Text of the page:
For those who are Deconstructing their faith, the common denominator for many of them is a complete overhaul of how they see and understand the Bible.
To put it another way: Once you realize that God didn’t write the Bible and that we did, you’ve taken your first step outside of the fear-based traditional Christian control machine.
Because more often than not the Bible is used as a bludgeon to keep Christians safely behind the razor wire of religious captivity. Or, I should say, a very specific interpretation of the Bible is useful for keeping people under the thumb of their pastor, church and denomination.
If you accept the notion that the Bible is inerrant [it’s not], then you’re easily manipulated by those who want you to fear a God of vengeance and wrath who could make your life a literal living hell for the slightest infraction, stray thought or moral failure.
If you accept this “Flat Bible” perspective, it’s much easier to threaten you into swallowing those troublesome questions about why some verses seem to contradict one another, or why Jesus seems to portray a very different version of God than what we read about in the Old Testament.
Do you want to burn in hell for eternity? No? Then keep your mouth shut and go back to underlining your Bible while the pastor fills in the blanks for you in his 3 point sermon.
Do you want to lose your salvation? Good! Then stop saying you can’t understand why a loving God would burn His children forever in the lake of fire.
So, what’s the way out of this oppressive feedback loop? For me, it was realizing that there was another – and frankly more historically Christian – way of approaching the Scriptures.
I came across this “Jesus-Centric” method of reading the Bible while researching the Anabaptists movement during the Reformation. In his book, “The Reformers and Their Step-Children”, Leonard Verdun explains that the fundamental tension between the Reformers and the Anabaptists came down to this one thing: The way they each approached the Scriptures. The Reformers took a “Flat Bible” approach which assumes that very scripture is equally authoritative, and the “Jesus-Centric” view which the Anabaptists embraced where everything filtered through the lens of Christ.
This realization literally set me free from the tyranny of Biblicism. I suddenly understood how to read and process the Scriptures more clearly, and that gave me so much peace of heart and mind.
Essentially, this “Jesus-Centric” approach is what we see modelled for us in the Mount of Transfiguration where Peter, James and John see Jesus transfigured on the mount alongside Moses and Elijah. Peter takes the “Flat Bible” approach when he suggests that 3 tabernacles should be constructed for Moses [who represents the Law] and Elijah [who represents the Prophets] and Jesus [the Messiah]. In response to this idea, God removes Moses and Elijah [the Law and the Prophets] and says, “This is my Son. Listen to Him!”
It’s also why Jesus strongly rebukes the Pharisees for searching for life in the Scriptures, telling them that there is no life in those Scriptures, but that if they would come to him they would find life.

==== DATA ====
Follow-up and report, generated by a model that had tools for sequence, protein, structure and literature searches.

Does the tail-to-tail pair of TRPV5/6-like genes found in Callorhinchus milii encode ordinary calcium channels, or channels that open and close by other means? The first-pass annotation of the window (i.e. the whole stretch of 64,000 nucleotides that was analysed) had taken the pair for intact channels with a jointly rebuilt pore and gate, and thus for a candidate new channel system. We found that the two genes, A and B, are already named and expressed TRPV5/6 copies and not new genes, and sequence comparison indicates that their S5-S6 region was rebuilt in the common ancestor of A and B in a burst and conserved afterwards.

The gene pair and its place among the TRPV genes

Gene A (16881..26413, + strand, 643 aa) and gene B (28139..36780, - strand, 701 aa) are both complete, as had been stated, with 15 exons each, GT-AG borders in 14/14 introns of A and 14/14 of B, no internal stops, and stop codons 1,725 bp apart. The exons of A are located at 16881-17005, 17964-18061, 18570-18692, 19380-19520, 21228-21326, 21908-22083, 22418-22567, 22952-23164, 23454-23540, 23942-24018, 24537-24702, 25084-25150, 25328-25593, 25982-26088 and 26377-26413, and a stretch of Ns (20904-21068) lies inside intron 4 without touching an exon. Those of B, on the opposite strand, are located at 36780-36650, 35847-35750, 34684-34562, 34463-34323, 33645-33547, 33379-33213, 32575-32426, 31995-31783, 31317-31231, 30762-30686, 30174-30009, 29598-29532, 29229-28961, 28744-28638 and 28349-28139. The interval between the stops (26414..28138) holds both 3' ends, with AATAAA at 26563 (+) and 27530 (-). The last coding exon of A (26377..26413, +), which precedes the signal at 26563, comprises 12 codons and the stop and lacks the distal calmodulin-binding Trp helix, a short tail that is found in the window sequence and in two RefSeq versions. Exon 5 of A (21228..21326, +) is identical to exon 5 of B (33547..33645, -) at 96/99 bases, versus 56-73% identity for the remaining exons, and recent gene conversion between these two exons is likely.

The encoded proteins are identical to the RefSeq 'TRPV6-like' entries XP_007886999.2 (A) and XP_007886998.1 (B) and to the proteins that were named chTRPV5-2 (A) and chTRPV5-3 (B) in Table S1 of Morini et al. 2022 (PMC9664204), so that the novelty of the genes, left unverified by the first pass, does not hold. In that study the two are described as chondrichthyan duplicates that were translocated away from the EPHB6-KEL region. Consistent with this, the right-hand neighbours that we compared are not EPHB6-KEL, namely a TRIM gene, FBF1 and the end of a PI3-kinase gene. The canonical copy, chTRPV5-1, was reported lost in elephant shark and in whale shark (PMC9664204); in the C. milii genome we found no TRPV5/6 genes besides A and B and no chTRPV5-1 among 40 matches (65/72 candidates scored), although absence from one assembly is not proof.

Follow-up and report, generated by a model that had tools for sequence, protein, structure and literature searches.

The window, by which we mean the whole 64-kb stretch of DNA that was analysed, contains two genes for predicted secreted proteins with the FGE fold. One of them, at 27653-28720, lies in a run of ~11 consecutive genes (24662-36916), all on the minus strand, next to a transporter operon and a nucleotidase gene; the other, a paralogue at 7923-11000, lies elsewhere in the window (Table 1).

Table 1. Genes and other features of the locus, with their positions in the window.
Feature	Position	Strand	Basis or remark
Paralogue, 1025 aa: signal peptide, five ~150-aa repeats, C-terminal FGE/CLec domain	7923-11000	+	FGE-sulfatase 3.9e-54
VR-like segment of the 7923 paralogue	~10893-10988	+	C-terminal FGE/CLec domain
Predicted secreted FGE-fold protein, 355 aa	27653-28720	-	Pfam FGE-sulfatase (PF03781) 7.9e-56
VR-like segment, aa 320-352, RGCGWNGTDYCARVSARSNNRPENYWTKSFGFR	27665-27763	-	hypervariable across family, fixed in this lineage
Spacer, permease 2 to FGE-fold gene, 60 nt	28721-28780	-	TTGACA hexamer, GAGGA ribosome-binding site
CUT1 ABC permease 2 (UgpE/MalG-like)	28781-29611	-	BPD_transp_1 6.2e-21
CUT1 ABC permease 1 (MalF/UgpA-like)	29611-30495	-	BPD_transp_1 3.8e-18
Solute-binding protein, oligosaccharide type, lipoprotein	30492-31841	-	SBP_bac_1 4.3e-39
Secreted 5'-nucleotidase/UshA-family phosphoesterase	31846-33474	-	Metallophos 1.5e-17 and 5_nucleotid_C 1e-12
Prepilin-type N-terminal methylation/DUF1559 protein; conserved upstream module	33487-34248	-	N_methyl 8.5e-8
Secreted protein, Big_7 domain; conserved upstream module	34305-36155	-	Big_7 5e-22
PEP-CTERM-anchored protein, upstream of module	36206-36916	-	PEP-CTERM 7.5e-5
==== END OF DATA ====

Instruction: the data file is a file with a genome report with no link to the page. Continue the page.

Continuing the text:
And, to be very honest, the Gospel of John is probably one of the most radical documents in the entire New Testament when it comes to elevating Jesus about the Scriptures, especially where he says in the very first chapter that the “Word was with God, the Word was God and the Word became flesh and dwelt among us.” Notice that at no time in that sequence did the Word of God become a book.
Furthermore, in the same chapter, John suggests that “No one has seen God at any time.” Whoa! Not Moses? Not Isaiah? Not Jeremiah? Wow. And then he goes on to say that the only one who has ever seen God is Jesus, and that the reason Jesus came was to reveal the Father to us.
In other words, if all we did was read the Old Testament Scriptures, we would still not have a clear and accurate picture of who God was and what God is like.
This is part of why Jesus came to us: to reveal the Father’s true heart to us.
And, it’s also why Paul so dramatically declares that “To this day whenever the Old Covenant [scripture] is read, a veil covers their eyes” and that “only in Christ is the veil removed!” [See 2 Cor. 3:14-16]
So, to be honest, this “Jesus-Centric” way of reading the Scriptures is loudly and proudly declared from nearly every page of the New Testament. Most of us haven’t noticed it because, as I mentioned earlier, we’ve all been told that the entire Bible is equally authoritative and that none of it can ever contradict anything else. Therefore, Jesus isn’t allowed to correct Moses [even though he does so numerous times in the Gospels], and everything needs to somehow fit together like a perfect jigsaw puzzle, even when it doesn’t.
If you’re curious about how to read the Bible through the Lens of Christ, I’d love to invite you to register for a new class I’m teaching through BeADisciple.com called “Jesus Unbound: Learning to Read Scripture Thru the Lens of Christ” which starts on Monday, Feb. 10. You can learn more and register HERE.
Keith Giles was formerly a licensed and ordained minister who walked away from organized church 11 years ago, to start a home fellowship that gave away 100% of the offering to the poor in the community. Today, He and his wife have returned to El Paso, TX after 25 years, as part of their next adventure. They hope to start a new house church very soon.
Want Keith to come speak at your church or in your home town? Send an invitation HERE